5. In your opinion, why does Hopkins include examples from trade (gear, tackle, and trim) in his
praise of pied beauty?
6. In “Pied Beauty,” how does Hopkins’s use of
imagery, or word pictures, help to convey the
poem’s theme, or main idea?
7. Do you agree with the point of view expressed in
lines 5–9 of “Spring and Fall”? Why or why not?
Connect
8.
Big Idea
Optimism and the Belief in
4. (a)In “Spring and Fall,” how does the speaker first
explain Margaret’s grief? How does he later explain
it? (b)What can you infer about the speaker’s
Progress The Victorians felt that it was their pre-
LITE R ARY ANALYS I S
R E A D I N G A N D VO C A B U L A RY
Literary Element
Sprung Rhythm
Hopkins chose to use sprung rhythm because “it is
nearest to the rhythm of prose, that is, the native and
natural rhythm of speech.”
1. In your opinion, does sprung rhythm resemble natural, everyday speech? Support your answer, using
specific examples from the poems.
2. Do you think sprung rhythm captures the movement of the mind as it sees and registers what it
perceives? Explain.
Listening and Speaking
With a partner, take turns reading the two poems
aloud. Before you begin, reread the definition of
sprung rhythm in the Literary Element feature on
page 952. Also pay attention to the way each poem
sounds—specifically, the use of end rhyme and alliteration in each poem.
rogative to bend nature to their own purposes.
How does “Pied Beauty” counter this idea?
Reading Strategy
Monitoring
Comprehension
Remember that when you monitor comprehension,
you pay special attention to parts of the text you don’t
understand.
Reread “Spring and Fall.” What line or phrase seemed
difficult the first time you read it but is much clearer
now? Explain.
Vocabulary
Practice
Practice with Word Origins Use a dictionary
with etymologies to help you match each vocabulary word to the description of its origin.
a. blight
b. dappled
c. fallow
1. Old English word for a skin condition
2. Old English word meaning “a piece of plowed
land”
3. Middle English word that describes a color
Web Activities For eFlashcards,
Selection Quick Checks, and other Web activities, go to
www.glencoe.com.
GERARD MANLEY HOPKINS
9 55
B E F O R E YO U R E A D
Jabberwocky
M E E T LE W IS C A R RO LL
C
onsidered a dull lecturer by many of his
students and a marginally important mathematician by his colleagues at Oxford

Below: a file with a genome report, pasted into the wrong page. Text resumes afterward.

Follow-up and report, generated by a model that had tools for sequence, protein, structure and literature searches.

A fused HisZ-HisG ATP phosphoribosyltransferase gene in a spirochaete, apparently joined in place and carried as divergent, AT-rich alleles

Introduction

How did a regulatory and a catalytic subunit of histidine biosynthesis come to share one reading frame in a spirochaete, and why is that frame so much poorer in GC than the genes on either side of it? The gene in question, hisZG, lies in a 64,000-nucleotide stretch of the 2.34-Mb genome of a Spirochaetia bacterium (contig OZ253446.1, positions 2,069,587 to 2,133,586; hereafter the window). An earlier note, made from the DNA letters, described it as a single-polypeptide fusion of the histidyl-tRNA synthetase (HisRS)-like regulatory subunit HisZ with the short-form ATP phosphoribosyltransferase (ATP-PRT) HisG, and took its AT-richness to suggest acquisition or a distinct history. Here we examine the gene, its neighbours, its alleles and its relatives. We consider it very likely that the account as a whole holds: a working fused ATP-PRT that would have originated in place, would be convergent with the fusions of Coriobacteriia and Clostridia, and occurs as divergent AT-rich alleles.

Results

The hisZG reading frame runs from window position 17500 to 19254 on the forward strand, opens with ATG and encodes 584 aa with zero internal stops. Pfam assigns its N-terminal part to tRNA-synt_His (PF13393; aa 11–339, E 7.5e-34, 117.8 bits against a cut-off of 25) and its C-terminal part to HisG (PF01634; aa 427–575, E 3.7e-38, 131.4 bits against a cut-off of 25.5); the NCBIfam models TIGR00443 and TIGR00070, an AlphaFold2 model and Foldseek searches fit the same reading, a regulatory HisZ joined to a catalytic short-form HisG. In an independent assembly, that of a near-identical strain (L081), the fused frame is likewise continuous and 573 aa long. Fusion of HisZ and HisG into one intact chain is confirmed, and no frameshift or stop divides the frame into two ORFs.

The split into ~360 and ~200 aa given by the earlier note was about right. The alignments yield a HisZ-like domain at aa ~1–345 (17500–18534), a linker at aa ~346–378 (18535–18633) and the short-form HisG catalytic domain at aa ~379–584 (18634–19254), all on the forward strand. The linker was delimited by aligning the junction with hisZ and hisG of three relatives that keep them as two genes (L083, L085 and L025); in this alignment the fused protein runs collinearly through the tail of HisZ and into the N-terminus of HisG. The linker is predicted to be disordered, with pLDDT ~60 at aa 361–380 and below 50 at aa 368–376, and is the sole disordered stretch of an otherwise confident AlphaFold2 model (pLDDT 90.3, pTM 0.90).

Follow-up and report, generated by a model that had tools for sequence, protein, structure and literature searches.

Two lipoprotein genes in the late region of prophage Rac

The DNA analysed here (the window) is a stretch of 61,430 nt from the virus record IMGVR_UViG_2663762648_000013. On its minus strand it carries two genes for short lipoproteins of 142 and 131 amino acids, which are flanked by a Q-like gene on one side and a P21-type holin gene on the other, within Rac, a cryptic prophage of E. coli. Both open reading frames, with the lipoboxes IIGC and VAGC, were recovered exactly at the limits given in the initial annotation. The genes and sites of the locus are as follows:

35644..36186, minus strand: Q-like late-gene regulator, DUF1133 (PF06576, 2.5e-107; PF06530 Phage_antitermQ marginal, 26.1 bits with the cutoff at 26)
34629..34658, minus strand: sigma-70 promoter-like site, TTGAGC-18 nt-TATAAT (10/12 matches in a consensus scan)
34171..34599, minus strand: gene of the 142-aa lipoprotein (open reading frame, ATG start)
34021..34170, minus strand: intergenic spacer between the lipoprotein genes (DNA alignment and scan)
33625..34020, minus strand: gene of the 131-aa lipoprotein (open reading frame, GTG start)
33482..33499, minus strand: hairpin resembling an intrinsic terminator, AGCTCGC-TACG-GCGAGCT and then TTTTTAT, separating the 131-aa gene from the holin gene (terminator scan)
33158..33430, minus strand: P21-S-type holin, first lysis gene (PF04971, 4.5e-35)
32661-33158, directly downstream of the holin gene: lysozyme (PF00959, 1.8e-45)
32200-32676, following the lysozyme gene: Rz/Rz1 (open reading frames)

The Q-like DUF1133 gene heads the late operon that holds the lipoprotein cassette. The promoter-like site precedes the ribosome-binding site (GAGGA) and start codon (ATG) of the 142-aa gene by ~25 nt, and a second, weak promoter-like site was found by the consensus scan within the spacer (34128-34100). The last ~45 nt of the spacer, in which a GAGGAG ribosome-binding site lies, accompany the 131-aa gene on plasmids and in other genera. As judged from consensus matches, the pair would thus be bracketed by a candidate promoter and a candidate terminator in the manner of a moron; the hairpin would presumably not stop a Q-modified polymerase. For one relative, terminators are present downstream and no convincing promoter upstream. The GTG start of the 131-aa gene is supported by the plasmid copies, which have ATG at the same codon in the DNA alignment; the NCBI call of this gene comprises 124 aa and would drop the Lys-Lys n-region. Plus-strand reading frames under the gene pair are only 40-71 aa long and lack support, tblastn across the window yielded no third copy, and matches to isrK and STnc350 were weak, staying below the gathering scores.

University, Charles Lutwidge Dodgson might, on
the surface, seem an uninteresting fellow. Yet this
quiet, painfully shy man published some of the
wittiest children’s fiction ever written. Under the
pen name Lewis Carroll, Dodgson became world
famous, particularly for two books that for generations have captivated children and adults alike:
Alice’s Adventures in Wonderland and Through the
Looking Glass and What Alice Found There.
An Inventive Youth The son of a church rector,
Dodgson was the third child and oldest son in a family of eleven children. The Dodgson children lived in
an isolated country village and had few friends outside the family, but they found many ways to amuse
themselves. From an early age, Dodgson entertained
his younger siblings by performing magic tricks and
marionette shows and by writing poetry and word
games for the family’s homemade magazines.
As a teenager, Dodgson spent four years at the
Rugby School. These were unhappy years, as
Dodgson’s shyness and frequent ill health made him
a target for bullying. The young scholar found more
success at Oxford University, where he excelled in
mathematics and classical studies. Graduating first
in his class in mathematics, Dodgson was
granted a scholarship
and assumed a post as
a lecturer in mathematics. As a condition
of this scholarship,
Dodgson was also
ordained a deacon,
but a severe stammer
kept him from seeking a career in
preaching.
956
UNIT 5
THE VICTORIAN AGE
Christ Church College, Oxford by N. Herkomer/E.T. Archive
Play Makes Perfect Even though Dodgson
spent twenty-six years teaching math at Oxford,
he was bored by the work. In the company of children, however, Dodgson was neither bored nor shy.
He was able to speak to children without stammering, and he loved to entertain young visitors—
often the children of fellow faculty members—by